What are the biggest challenges you face in your position and how do you handle them?
One of the biggest challenges I have faced in my position was being promoted internally to a supervisor position. I had to be confident in my new role, but also be humble as I was now supervising my peers. I also had to set new boundaries with employees as now I would be leading them. I had to be sensitive to the fact that some employees were resentful of my new promotion and handle that on an individual basis. After becoming a supervisor, I think I gained the respect of my team by leading by example. I don’t expect anything out of the nutrition employees that I am not willing to or already doing myself.
What is your favorite part of your job?
My favorite part of my job is working on catering events. I am passionate about making high quality food and presenting it in a way that really “wows” my customers. I get the freedom to be creative and express how much I care about my work through the food presentation.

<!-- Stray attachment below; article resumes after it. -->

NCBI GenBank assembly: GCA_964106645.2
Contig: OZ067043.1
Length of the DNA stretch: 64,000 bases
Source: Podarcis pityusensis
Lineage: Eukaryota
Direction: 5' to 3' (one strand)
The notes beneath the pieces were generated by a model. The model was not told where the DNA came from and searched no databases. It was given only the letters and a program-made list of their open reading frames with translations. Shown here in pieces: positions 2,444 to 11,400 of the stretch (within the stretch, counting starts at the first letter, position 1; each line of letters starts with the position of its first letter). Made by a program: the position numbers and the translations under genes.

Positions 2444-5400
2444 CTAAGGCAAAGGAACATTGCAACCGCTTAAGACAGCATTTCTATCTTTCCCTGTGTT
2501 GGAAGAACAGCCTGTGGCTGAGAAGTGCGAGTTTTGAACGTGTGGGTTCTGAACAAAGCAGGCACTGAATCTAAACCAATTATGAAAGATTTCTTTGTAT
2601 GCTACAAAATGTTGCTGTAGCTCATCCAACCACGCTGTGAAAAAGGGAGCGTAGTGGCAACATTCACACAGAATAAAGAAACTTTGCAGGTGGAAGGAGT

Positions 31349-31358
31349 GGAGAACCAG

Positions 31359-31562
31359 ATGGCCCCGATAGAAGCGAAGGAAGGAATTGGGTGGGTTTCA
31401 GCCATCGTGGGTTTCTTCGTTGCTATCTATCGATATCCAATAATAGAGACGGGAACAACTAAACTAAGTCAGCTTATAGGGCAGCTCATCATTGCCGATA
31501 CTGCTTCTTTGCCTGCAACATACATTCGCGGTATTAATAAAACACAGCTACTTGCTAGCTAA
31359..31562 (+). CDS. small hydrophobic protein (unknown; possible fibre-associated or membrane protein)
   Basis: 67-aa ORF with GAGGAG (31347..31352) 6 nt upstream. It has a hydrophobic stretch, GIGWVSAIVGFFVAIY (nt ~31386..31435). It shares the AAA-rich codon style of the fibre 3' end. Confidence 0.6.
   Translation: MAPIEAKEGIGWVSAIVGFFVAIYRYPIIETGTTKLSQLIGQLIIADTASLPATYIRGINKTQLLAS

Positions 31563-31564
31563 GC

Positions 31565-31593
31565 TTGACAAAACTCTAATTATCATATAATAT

How do you stay up to date with current innovations and trends?
Having my CDM has helped me stay current by offering continuing education articles and webinars. I also enjoy reading the Nutrition and Food Service Edge magazine. I am also fortunate enough to have an employer that supports my department by allowing us to attend food shows in the surrounding area. And last, I like to use social media to keep in touch with new trends and creative ideas. Even just looking at food pictures can spark a new recipe or idea.
How do you envision the foodservice industry in the next few years and foodservice?
I think technology will continue to impact the foodservice industry. It’s appealing to today’s society to shop and receive goods without leaving the comfort of their own home.
Another trend that is growing right now is waste reduction. I can see the industry creating new and innovative ideas on how to utilize their food waste.
As far as the healthcare foodservice industry, I think customer satisfaction and using more liberal diets will continue to grow. With a liberalized diet approach, healthcare can focus on more variety of food choices to ensure patients and customers are satisfied with every meal.
What is your advice to those just getting started in the foodservice industry?
Embrace change! The foodservice industry is growing and changing by the minute. It will continue to grow and develop, and if you don’t stay up to date with the latest trends it will be difficult to stay current and move forward in this industry. With that, have fun! Foodservice is a great area to work in. It allows you to have fun at work and use your creative talents. Every day is different so the tasks are not mundane and repetitive.